• Sudden Cardiac Arrest/Automated External Defibrillator (AED)

  • Sudden cardiac arrest (SCA) occurs when the heart has stopped beating and blood is no longer being pumped throughout the body.

  • America's 100 Best Coronary Intervention The most common cause of sudden cardiac arrest is a disturbance in the heart rhythm called ventricular fibrillation. 

    What are the Signs of Sudden Cardiac Arrest?
    A person suffering SCA immediately loses consciousness. The affected person does not have a pulse and signs of breathing are not present.

    What are the Risk Factors?
    An individual may be at risk if he/she has a family history of heart disease, smokes, drinks too much alcohol, has high blood pressure or high cholesterol, obesity and diabetes. The chance of experiencing sudden cardiac arrest is increased with age, especially after age 45 for men and 55 for women. A person may be at risk for SCA if he/she has or is currently experiencing any of the following:

    • Heart conditions/disease 
      • Coronary artery disease
      • Pulmonary valve stenosis
      • Congenital heart disease
      • Electrophysiological abnormalities
    • Previous episode of cardiac arrest
    • Previous heart attack
    • Hyperthyroidism
    • Drug abuse

    Early Diagnosis and Screening

    Although sudden cardiac arrest cannot be anticipated, there are several steps and invasive and non-invasive tests to determine if someone is at risk:

    Invasive Tests:

    • Blood tests - Some of the tests that may be performed include cardiac enzyme, electrolyte, drug or hormone.
    • Intracardiac electrophysiological study (EPS) - An invasive test that allows the physician to determine the details of any abnormal heartbeats, or arrhythmias .
    • Cardiac catheterization - A test usually performed to identify, diagnose and evaluate heart disease, heart defects or problems in the heart valves. This test is also used to study the function of the heart and obtain information about its chambers and vessels.

    Non-invasive Tests:

    • Electrocardiogram - Often referred to as an EKG, an electrocardiogram is a test that records the activity of the heart using small patches called electrodes. No electricity is sent through the body during this test, and there is no risk of shock. An EKG can diagnose heart disease including congenital heart disease in infants and myocardial infarction and myocarditis in adults.
    • Imaging tests - Some of the tests that may be performed include a chest X-ray, nuclear scan or an echocardiogram.


    While there are factors contributing to sudden cardiac arrest that cannot be controlled, there are preventative measures that can help reduce the chances of suffering sudden cardiac arrest:

    • Live a healthy, active lifestyle - Staying physically active and maintaining the proper weight for age and body type is important in heart health. At least 30 minutes a day of physical activity is recommended.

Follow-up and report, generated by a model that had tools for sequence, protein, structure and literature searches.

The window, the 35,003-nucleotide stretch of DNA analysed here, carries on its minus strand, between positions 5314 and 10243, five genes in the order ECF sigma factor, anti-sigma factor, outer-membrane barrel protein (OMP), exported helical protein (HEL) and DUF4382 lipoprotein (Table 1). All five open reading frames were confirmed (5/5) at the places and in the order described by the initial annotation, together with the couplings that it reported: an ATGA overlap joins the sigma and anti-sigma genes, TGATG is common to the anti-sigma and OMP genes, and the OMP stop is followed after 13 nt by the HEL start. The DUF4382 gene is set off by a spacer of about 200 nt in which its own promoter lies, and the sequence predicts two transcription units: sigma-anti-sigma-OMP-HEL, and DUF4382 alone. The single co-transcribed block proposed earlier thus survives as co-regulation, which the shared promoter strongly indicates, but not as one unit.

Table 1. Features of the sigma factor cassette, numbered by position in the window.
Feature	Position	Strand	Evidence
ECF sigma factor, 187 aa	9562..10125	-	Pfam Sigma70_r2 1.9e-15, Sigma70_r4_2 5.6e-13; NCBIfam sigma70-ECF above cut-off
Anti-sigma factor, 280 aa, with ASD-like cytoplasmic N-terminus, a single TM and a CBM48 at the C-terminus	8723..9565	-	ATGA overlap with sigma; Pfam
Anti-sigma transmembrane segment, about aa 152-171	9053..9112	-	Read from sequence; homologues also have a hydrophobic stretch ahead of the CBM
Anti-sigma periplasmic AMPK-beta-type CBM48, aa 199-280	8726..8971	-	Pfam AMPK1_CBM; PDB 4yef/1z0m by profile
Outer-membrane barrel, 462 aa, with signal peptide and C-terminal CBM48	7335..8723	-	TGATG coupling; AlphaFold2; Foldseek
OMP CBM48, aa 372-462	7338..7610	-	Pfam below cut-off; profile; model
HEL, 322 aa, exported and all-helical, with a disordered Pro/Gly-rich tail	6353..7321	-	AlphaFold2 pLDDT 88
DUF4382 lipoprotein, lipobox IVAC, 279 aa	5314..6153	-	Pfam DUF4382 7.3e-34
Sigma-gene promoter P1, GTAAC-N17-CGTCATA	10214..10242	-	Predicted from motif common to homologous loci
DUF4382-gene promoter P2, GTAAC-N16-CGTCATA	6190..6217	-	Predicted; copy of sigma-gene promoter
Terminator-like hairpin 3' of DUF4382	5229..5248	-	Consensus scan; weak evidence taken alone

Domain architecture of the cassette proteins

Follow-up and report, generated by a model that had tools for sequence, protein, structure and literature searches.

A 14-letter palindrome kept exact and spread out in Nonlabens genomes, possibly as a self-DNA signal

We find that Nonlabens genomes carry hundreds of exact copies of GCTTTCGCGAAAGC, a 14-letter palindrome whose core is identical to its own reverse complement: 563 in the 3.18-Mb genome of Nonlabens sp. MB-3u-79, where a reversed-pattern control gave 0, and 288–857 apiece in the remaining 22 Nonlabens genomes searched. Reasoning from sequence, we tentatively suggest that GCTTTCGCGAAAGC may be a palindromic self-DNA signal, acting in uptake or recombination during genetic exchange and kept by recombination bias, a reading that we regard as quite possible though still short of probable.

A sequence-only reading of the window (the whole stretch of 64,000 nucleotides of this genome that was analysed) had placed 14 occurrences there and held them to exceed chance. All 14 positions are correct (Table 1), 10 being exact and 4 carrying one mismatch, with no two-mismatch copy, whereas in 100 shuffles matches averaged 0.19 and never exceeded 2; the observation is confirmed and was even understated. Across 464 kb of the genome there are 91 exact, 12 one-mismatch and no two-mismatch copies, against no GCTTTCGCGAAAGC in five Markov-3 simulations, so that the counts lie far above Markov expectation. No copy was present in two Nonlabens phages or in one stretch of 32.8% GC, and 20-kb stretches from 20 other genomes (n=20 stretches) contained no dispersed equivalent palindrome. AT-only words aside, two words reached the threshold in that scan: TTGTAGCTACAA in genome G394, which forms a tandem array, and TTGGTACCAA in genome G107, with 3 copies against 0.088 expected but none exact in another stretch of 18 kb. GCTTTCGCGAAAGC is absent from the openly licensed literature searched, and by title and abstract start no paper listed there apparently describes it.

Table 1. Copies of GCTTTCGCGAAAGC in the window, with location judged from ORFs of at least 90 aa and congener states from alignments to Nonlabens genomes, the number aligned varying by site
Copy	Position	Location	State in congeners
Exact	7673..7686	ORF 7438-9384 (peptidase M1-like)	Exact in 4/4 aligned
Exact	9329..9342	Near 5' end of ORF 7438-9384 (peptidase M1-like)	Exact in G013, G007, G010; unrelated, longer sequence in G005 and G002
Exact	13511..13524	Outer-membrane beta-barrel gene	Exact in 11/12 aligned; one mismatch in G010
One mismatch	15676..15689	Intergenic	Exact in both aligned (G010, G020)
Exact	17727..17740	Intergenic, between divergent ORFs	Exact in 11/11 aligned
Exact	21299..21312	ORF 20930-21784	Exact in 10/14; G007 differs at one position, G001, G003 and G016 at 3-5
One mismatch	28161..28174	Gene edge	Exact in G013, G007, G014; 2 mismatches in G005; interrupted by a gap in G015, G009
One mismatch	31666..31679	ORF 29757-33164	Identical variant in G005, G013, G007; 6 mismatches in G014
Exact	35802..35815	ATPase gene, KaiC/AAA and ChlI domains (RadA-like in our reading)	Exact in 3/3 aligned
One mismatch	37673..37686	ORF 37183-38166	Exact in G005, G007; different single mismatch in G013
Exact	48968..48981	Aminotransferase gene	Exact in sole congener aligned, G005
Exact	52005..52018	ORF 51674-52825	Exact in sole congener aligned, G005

• Keep a healthy weight - Eating a balanced diet with a focus on fresh foods and maintaining a body mass index (BMI) between 18.5 and 24.9.
    • Limit alcohol intake - Minimizing alcohol intake to one drink a day for women and two a day for men.
    • Do not smoke - Smoking increases the risk of heart disease.
    • Know cardiopulmonary resuscitation (CPR) - A lifesaving procedure performed when a person's breathing or heartbeat have stopped. 

    Automated External Defibrillator (AED)

    An automated external defibrillator (AED) is a medical, mobile device used to check an individual's heart rhythm. An AED also recognizes when a person's heart rhythm needs a shock and advises the rescuer that the patient's heart needs a shock. Typically, an AED is used when a person suffers from cardiac arrest and the heart's activity is disrupted or unusually fast (ventricular tachycardia) or irregular (arrhythmia). A normal resting heart rate is 60 - 100 beats per minute.

    Today, AEDs may be found in common community locations including police and emergency vehicles, shopping centers, office buildings, sports arenas, schools and airplanes. Most cardiac arrests occur in private homes where AEDs are not readily available. Keeping an AED in private homes is greatly encouraged, as it has proven to save thousands of lives.

    How Does an AED Work?
    An AED is an emergency, portable device. It offers step-by-step voice-automated instructions to guide a user through the process. The rescuer places electrode pads on the person's chest, and the AED measures the heart rhythm. The AED will determine whether or not the patient's heart needs a shock. If the patient requires a shock, the AED will instruct the user to push the button that sends the shock. 

    Always Follow the Chain of Survival

    1. Call 9-1-1
    2. Begin Cardiopulmonary Resuscitation (CPR)
    3. Use an AED
    4. Receive advanced care - paramedic assistance

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